Valeant ($VRX) promised it would offer discounts to hospitals of up to 30% on Isuprel and Nitropress, two heart drugs whose prices it raised dramatically after picking them up last summer. But so far, some of the nation’s top users of the meds are still wondering where those discounts are.
The Cleveland Clinic--which doled out more than $5.3 million on the pair of treatments last year--hasn’t heard a word about discounts from the Canadian drugmaker, chief pharmacy officer Scott Knoer told The New York Times. A pharmacist who negotiates drug prices on behalf of the University of Utah Health Care System, which shells out more than $640,000 per year on the duo, reported “crickets.”
Valeant’s silence comes despite a rebate program then-interim CEO Howard Schiller detailed back in February before the U.S. House of Representatives’ Committee on Oversight and Government Reform--a committee that’s been dogging the Quebec-based pharma since it hiked the wholesale prices of Isuprel and Nitropress by 536.7% and 236.6%, respectively. Since Schiller’s appearance, the company’s now-departed longtime CEO, J. Michael Pearson, has also testified before a committee of the U.S. Senate that Valeant “made mistakes” with its “too aggressive” pricing strategy.
Yet the Cleveland Clinic and University of Utah Health Care System aren’t alone, the Times reports. Premier, one of two group purchasing organizations through which Valeant has vowed to offer the discounts, told the newspaper that the drugmaker set such strict requirements for the price breaks that only a few hospitals received any.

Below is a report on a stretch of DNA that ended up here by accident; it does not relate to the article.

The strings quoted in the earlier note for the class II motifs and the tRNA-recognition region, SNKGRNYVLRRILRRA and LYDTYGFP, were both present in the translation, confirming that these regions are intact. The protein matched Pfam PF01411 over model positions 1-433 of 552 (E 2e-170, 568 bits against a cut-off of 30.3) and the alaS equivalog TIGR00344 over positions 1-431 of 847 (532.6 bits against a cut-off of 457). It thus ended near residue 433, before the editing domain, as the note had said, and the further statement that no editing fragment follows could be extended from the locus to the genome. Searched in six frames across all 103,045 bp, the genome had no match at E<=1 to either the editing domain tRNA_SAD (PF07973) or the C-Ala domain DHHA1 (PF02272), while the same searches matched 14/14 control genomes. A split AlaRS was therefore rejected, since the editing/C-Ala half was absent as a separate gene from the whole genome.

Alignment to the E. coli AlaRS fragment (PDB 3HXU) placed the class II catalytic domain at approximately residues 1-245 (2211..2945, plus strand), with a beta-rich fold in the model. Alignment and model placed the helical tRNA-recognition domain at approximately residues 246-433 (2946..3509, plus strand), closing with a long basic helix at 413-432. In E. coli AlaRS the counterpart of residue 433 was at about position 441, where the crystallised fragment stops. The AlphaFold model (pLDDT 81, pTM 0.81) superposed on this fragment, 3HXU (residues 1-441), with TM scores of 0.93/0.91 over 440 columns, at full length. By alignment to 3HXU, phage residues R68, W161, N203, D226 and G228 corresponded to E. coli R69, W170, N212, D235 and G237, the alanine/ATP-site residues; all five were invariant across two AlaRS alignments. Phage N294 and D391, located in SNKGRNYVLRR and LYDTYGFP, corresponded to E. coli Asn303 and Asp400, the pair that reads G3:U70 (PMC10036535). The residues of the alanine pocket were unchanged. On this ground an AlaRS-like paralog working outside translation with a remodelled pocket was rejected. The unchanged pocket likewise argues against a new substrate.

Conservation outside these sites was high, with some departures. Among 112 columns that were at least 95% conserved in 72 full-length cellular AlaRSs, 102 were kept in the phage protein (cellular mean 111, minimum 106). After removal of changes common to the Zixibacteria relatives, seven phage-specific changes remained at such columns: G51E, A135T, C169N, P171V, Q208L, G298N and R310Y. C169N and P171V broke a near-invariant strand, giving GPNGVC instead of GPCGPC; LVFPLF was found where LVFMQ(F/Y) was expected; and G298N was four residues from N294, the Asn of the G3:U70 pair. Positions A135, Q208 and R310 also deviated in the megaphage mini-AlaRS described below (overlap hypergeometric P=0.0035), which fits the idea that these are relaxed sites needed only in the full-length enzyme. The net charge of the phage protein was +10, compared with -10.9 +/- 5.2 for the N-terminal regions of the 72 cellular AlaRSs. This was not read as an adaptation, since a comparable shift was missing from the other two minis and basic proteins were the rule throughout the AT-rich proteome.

Of its 2,500 members, only one is receiving a full 30% discount on Nitropress, and one is receiving it on Isuprel. “The percentage of hospitals getting the discount was so low because it only applies to very-high-volume purchases,” Premier spokeswoman Amanda Forster told the NYT in a statement.
As for most of the others? They qualified for discounts of just one cent off the wholesale price--“essentially no discount” at all, Premier said.
It’s not a good look for Valeant, which is in heavy repair mode with its tattered image. Aside from the pricing controversy, it’s been plagued over the past several months by channel-stuffing allegations, debt-default worries and sluggish sales, all of which have seriously damaged investor confidence and sent shareholders running for the exits.
But the company hopes new personnel can help put it on the right track. It recently instated a new skipper in Joseph Papa--poached from OTC specialist Perrigo ($PRGO)--and overhauled its board, which now features activist investor Bill Ackman.
If it wants to get back on the good side of hospitals, though, it may have to put more than just its 30% discounts in order. Even if the Cleveland Clinic was offered the discount, it still wouldn’t be enough, “compared to the egregious price increases they have done,” Knoer said.
- read the NYT story (sub. req.)
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